Funding Radio

I like radio. You may have noticed.

I like it because a small number of people can put effort into something that a lot of people can then hear.

Clearly the content has to be good, it needs to be relevant to a group of people and they then all need to know about it, but still… it’s something that’s very achievable.

I also like ‘digital’. You may have noticed.

Digital has democratised most things that it’s touched. A great deal of old media’s success came from big barriers to entry. You couldn’t be on television unless they agreed. Or newspapers. Or radio.

With digital, distribution becomes much easier. Yes, you’re now competing with the world, but digital’s also democratised marketing. Twitter, blogs, email has allowed a new generation of media (both amateur and professional) to flourish.

Fun Kids, our digital radio station, can only exist because a digital platform, for us mainly DAB (but also the internet) allows us to reach a large number of people. Also, handily, it’s much easier (and cheaper) to acquire digital space than it would an FM licence. To be honest, if I had and FM licence I wouldn’t put a kids format on it, I’d probably so something more mainstream.

Digital has also meant that content creation is quicker, cheaper and faster and allows us to make audio, video and web content as well as market it, all at a fraction of the traditional cost. In other words we need less money to be able to create something brilliant that about 300k kids consume. Plus we get to pay people (some) money too.

Podcasts

Similar to digital radio, podcasting has grown steadily over the past ten years. It’s definitely democratised the production, for want of a better word, radio shows.

A good idea, some skill, some marketing and some luck means that there’s been a flood of new entrants. Many of which have created new types of radio format (see Serial).

The funding of these is as variable as the content. Podcasting is generally free at the point of use. So people have to be more creative. There’s been tip jars, pay-for specials, attempts at subscription as well as advertising and sponsorship.

In the US quite a few podcasts have been crowdfunded using Kickstarter. In the UK, er, not so much.

I think fundamentally we’re less used to paying for audio content than they are in the States. The concept of pledging is also deeply lodged in the up-market psyche of NPR listeners who hear the regular pledge drives. Here, we pay for the BBC and then forget about it, and then they make excellent speech radio programmes. We’re not used to paying for quality radio, we just get it for free. Therefore when a podcast, even one we really like, pops up, as we get it for free I think we’re more reluctant to put our hands in our pockets.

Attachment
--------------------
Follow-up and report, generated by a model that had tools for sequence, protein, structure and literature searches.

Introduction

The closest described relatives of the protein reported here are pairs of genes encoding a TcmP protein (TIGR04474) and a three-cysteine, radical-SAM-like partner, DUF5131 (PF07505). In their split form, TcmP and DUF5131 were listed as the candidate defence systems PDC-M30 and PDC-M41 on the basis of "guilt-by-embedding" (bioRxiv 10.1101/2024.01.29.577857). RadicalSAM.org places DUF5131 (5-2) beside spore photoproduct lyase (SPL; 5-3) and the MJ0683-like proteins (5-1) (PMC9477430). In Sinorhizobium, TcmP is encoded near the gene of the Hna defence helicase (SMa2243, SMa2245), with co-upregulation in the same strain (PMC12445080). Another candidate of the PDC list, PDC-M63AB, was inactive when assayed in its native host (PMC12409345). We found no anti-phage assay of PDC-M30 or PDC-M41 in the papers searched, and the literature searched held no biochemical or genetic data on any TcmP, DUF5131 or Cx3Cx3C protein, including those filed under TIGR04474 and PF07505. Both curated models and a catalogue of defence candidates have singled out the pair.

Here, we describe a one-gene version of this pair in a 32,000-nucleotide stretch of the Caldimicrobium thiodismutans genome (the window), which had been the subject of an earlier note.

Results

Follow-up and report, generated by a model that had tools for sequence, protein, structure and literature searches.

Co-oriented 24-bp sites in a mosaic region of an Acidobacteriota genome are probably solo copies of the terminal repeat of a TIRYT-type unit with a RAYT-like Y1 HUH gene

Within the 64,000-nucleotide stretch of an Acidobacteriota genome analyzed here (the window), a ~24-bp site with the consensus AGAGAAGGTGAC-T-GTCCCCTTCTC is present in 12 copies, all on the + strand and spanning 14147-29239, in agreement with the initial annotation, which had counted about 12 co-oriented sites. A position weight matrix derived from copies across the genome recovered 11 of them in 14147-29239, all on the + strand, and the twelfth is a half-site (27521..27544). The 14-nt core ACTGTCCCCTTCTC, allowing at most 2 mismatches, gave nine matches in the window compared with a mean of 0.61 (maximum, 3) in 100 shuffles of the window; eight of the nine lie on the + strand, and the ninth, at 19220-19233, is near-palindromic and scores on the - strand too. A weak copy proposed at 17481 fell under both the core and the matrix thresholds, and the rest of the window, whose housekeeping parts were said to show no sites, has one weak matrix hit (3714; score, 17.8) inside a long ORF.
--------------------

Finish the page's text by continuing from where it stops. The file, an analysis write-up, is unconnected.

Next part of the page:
This is why its so pleasing to see one of our own home-grown podcasters – Helen Zaltzman – be part of a successful crowdfunding drive.

Radiotopia is a podcast network that has great, unique podcasts. It’s a bit of a collective of podcasters and they’ve just raised $250k to support the shows for another year. Their Kickstarter is still going and if they hit a stretch goal of $400k it will allow them to fund some new shows, including one from Helen.

Helen writes about the process here.

I think if you’re a fan of radio it’s worth supporting. Even if you’re not, at the moment, a consumer of those shows.

I think radio is far more than just what’s on Capital or Radio 4. It’s about being a medium that has an amazing relationship with listeners. And there should always be more of it. Whether that’s commercial FM, community radio, DAB stations, podcasts or something else. The more radio there is and the more it’s enjoyed the better it is for all of us.

I also think it’s important that there are lots of different ways for people to get paid to do it.  After all, people who aren’t hungry make better radio programmes!

4 thoughts on “Funding Radio”

  1. Do you think there is room for a UK Radiotopia, or does Radio 4 already fill that kinda roll with its output? You can also make Podcasts pay in the UK, you just have to find the right model and price that a listener is willing to pay. Witness the LBC Podcast subscription service.

  2. I think LBC is the exception rather than the rule and they’re paying for something different than a ‘podcast’ more catchup radio. I think there’s a much wider world than the stuff Radio 4’s decided to commission. Loads of UK people subscribe to US podcasts as well as home-grown new ones. The trick is encouraging UK people to be comfortable paying for new series.

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